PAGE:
The Lidl store in Southport

Lidl wants to build a bigger second supermarket in Southport than the one originally planned. 

The firm was granted planning permission for a 1,900 sq m store alongside eight employment units on land west of Marine Drive, north Of Crossens Way, in Crossens, in August 2022.

The chain now wants fresh planning permission to increase the size of the footprint of its new supermarket by 14%. 

The development would create up to 90 new jobs, including 30 at Lidl and up to 60 at the new business units. 

The new plans would see a reduction in accessible parking spaces from 10 to six.

New gross floorspace would be 2,172 sq m, with 1,512 sq m net floorspace plus convenience and comparison goods sales floorspace of 1,210 sq m and 302 sq m respectively.

Lidl already has a site at 4-18 Virginia Street in the town. 

A planning application to Sefton Council by Plan A, on behalf of Lidl Great Britain Limited and Saltmarsh Estates Limited, says: “Since planning permission was granted in August 2022, Lidl has updated its store specification to provide for a more spacious internal shopping environment, resulting in an increase in the net and gross floorspace of the store building, and to provide a wider car park aisle to the rear of the store to assist HGV reversing manoeuvres on to the delivery dock. 

“The revisions seek consent for a modest (14%) increase in the size of the approved foodstore and appropriate revisions to its external areas in order to accommodate the larger building footprint. 

Lidl has submitted plans for a new supermarket on Marine Drive in Southport

“The additional sales floorspace will provide a qualitative enhancement to the internal shopping environment, to include the repositioning of the in-store bakery counter adjacent to the store entrance, the provision of a larger circulation area on entry to the store and around the bakery counter, and an increase in the width of the sales area by approximately 1.3m to allow increased aisle widths between display shelves. 

“The store will offer an identical product range and choice as that previously approved. 

“The increase in the footprint of the building will be accommodated within the site by moving the customer car park closer towards Crossens Way, with a resultant decrease in the area of landscaping proposed between the two vehicular points of access. It will also be necessary to relocate the electricity sub-station further south west along the frontage to Crossens Way, which will result in the loss of one parking space to accommodate the substation and provide access to it.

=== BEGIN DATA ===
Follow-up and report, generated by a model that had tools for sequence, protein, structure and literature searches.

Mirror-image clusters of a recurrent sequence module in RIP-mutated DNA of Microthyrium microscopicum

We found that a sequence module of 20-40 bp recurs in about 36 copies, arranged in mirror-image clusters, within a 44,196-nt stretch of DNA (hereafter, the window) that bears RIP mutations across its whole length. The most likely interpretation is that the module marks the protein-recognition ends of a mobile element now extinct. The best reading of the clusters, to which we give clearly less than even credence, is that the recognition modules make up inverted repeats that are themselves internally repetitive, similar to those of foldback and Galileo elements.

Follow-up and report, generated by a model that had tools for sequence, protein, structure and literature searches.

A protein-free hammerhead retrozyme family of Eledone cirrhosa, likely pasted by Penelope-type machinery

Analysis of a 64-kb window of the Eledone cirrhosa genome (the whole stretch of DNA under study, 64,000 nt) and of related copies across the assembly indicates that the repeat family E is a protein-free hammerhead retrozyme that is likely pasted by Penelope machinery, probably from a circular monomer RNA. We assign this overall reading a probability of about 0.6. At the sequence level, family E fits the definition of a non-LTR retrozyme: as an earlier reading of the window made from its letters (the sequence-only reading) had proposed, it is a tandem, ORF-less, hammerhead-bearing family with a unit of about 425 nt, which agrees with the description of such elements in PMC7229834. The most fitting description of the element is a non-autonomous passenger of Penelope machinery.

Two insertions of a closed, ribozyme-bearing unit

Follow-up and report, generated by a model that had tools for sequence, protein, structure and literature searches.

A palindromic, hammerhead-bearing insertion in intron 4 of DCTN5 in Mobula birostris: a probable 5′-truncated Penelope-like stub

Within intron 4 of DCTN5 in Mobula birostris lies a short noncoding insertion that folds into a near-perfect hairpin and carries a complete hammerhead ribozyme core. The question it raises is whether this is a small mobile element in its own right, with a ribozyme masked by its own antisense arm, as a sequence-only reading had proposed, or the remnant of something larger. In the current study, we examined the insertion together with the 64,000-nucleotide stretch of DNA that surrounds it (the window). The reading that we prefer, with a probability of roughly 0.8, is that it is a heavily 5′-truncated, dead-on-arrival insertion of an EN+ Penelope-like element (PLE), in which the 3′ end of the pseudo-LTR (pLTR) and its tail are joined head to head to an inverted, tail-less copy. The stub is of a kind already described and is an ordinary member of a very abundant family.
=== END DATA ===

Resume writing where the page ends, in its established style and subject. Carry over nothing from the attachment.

“The car park will be subject to modest amendments to its layout and demarcation, a reduction in the number of accessible spaces and the repositioning or the Parent & Child spaces.

“The proposed increase in the scale of the store will not have any material effect upon the traffic generation characteristics of the approved foodstore. It will certainly not result in a development that has a significant impact upon the local highway network, and will not give rise to any highway safety issues. 

“The approved development scheme provides for 111 car parking spaces in total, to include 10 accessible spaces, 10 Parent & Child spaces and 2 Electric Vehicle Charging spaces. The increase in the building footprint has had a direct implication upon the residual area within the site that is available to accommodate parking and landscaping and re-located electricity sub-station. As a result, the parking offer has been re-arranged to provide 110 spaces in total, to include 6 accessible spaces, 9 Parent & Child spaces and 2 Electric Vehicle Charging Spaces. A dedicated space is also included to provide access to the sub-station. 

“The 1-space reduction in the overall level of parking provision is negligible and is highly unlikely to result in off-site parking issues. Whilst the revised proposals will deliver 4 fewer accessible spaces, the 6 spaces proposed aligns with the Council’s Parking Standards.”

Lidl already operates a store on Virginia Street on the edge of Southport town centre, but has been keen to open its second venture in the town on the northern edge of the resort where there is limited competition. 

The firm said: “Lidl has had a requirement to deliver a new store to serve the residential areas in northern Southport for many years.

“Potential options have been explored but the company has been unable to identify a site of a suitable size that is available for retail development, with it being the case that the scale of potential sites is simply too small, or the land is reserved for residential development.” 

The new Lidl store would also serve customers in local Lancashire communities in Banks, Hesketh Bank and Tarleton. 

The land was previously earmarked for employment use. But a lack of sufficient interest meant that developers believed that a hybrid use between a Lidl supermarket and eight business units was the best answer.

Lidl’s Regional Head of Property, Stuart Jardine, said: “Our existing Southport store is very popular and we have been looking for the right site to bring a second store to the town for some time.” 


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